The ex-dividend date for the payment is the January 13. The company paid 32 cents per share in dividends in 2014 and 30 cents in 2013.
The payment comes against the background of lower profits in the year to September and acquisition of the majority shares by a group of investors.
Total revenue for the nine months to September 2015 was $5.37 billion or 2.3 percent more than the comparative period in 2014. Profit after tax for the nine-month to September 2015 was $64 million, 43 percent less than the $113 million for the same period in 2014 and earnings per share of 79 cents, compared to $1.40 for the similar period in 2014.
On Thursday December 30, Grace Kennedy’s 58.15 percent interest amounting to 47,013,417 shares in Hardware & Lumber, were traded over the Jamaica Stock Exchange at $18.50 each.
The shares were bought by Argyle Industries Inc. (“Argyle”) a St. Lucian Company special purpose vehicle incorporated for the purpose of acquiring and holding the Investor’s equity interests in Hardware & Lumber.
Shareholders in Jamaica Stock Exchange (JSE) are having a wonderful 2015. The stock last traded at $1.57 in December 2014 and has since shot to $16 for a gain of 919 percent but if that was not enough the company has declared a dividend of 47 cents per share payable on December 30, to shareholders on record as at December 23. As great as the gains for 2015 has been so far for the JSE stock price is still lags some of the best gains ever recorded for the market with highest being West Indies Glass with a n astounding 3,438 percent in 1985 followed by Jamaica Flour Mills with 2,054 percent in 1984.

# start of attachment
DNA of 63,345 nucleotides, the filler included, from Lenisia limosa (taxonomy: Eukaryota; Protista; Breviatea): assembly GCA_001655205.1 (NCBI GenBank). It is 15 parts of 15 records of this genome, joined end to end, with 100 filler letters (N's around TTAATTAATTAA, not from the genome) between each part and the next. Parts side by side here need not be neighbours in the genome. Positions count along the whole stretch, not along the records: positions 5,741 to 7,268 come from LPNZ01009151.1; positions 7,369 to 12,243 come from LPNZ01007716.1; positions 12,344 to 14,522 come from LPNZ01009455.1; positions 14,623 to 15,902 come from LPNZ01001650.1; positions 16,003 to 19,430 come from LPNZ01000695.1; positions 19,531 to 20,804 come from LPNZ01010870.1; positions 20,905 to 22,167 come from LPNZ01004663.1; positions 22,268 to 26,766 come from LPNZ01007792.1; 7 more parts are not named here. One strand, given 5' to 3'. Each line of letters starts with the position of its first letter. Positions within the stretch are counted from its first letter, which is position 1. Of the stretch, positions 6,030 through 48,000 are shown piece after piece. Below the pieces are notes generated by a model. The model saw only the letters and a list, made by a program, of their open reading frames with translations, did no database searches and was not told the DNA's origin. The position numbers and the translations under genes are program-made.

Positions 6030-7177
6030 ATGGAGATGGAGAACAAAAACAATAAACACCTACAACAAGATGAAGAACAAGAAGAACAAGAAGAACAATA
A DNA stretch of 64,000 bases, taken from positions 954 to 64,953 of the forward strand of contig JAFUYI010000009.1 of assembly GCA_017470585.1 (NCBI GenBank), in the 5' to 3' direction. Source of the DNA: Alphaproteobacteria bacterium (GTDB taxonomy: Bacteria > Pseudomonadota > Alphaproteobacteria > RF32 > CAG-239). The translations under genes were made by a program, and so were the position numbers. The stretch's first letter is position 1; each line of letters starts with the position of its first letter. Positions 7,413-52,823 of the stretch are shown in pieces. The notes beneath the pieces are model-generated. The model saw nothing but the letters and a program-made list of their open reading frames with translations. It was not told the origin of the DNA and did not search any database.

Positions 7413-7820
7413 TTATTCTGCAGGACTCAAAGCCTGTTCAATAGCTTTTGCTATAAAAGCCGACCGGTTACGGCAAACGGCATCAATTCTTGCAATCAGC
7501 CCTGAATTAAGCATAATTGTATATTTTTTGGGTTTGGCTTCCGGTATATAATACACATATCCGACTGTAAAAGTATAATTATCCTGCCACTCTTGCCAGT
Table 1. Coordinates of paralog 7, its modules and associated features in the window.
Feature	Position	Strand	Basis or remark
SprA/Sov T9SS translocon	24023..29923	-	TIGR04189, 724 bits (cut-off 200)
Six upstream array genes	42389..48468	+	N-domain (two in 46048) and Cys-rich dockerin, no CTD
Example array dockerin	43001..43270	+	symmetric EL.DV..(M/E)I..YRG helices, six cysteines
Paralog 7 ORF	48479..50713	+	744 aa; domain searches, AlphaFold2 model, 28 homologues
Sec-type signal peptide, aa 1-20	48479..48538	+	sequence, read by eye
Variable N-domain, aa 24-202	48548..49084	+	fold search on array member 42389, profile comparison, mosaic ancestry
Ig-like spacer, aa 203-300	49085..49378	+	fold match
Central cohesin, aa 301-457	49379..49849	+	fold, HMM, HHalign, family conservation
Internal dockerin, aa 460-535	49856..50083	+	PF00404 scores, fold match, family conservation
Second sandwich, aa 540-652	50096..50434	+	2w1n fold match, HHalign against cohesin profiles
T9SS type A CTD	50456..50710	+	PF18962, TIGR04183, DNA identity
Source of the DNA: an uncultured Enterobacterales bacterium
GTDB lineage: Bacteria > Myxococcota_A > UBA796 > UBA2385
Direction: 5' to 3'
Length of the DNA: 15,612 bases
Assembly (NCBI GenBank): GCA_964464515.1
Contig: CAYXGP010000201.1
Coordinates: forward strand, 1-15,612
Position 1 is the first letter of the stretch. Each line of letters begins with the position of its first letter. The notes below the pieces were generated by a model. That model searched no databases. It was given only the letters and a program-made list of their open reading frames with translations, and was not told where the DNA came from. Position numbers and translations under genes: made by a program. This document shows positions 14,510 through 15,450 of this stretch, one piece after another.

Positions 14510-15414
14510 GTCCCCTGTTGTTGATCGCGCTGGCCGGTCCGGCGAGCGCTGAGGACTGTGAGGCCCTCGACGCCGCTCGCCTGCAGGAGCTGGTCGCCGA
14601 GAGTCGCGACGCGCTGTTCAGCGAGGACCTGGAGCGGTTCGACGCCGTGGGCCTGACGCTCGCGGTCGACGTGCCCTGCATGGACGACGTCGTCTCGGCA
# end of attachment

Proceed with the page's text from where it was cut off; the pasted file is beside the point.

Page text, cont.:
The stock will trade ex-dividend on December 21. In July this year, the JSE paid 53 cents per share which brings the total payout to $140 million and to $1 per share making for a dividend yield to a staggering 63.7 percent based on the 2014 closing price.
The JSE reported earnings of $139 million in nine months to September this year, from $8 million in 2014 and seems set to increase profits in 2016 that should push to stock up even further with strong prospects of another year of big dividend payment.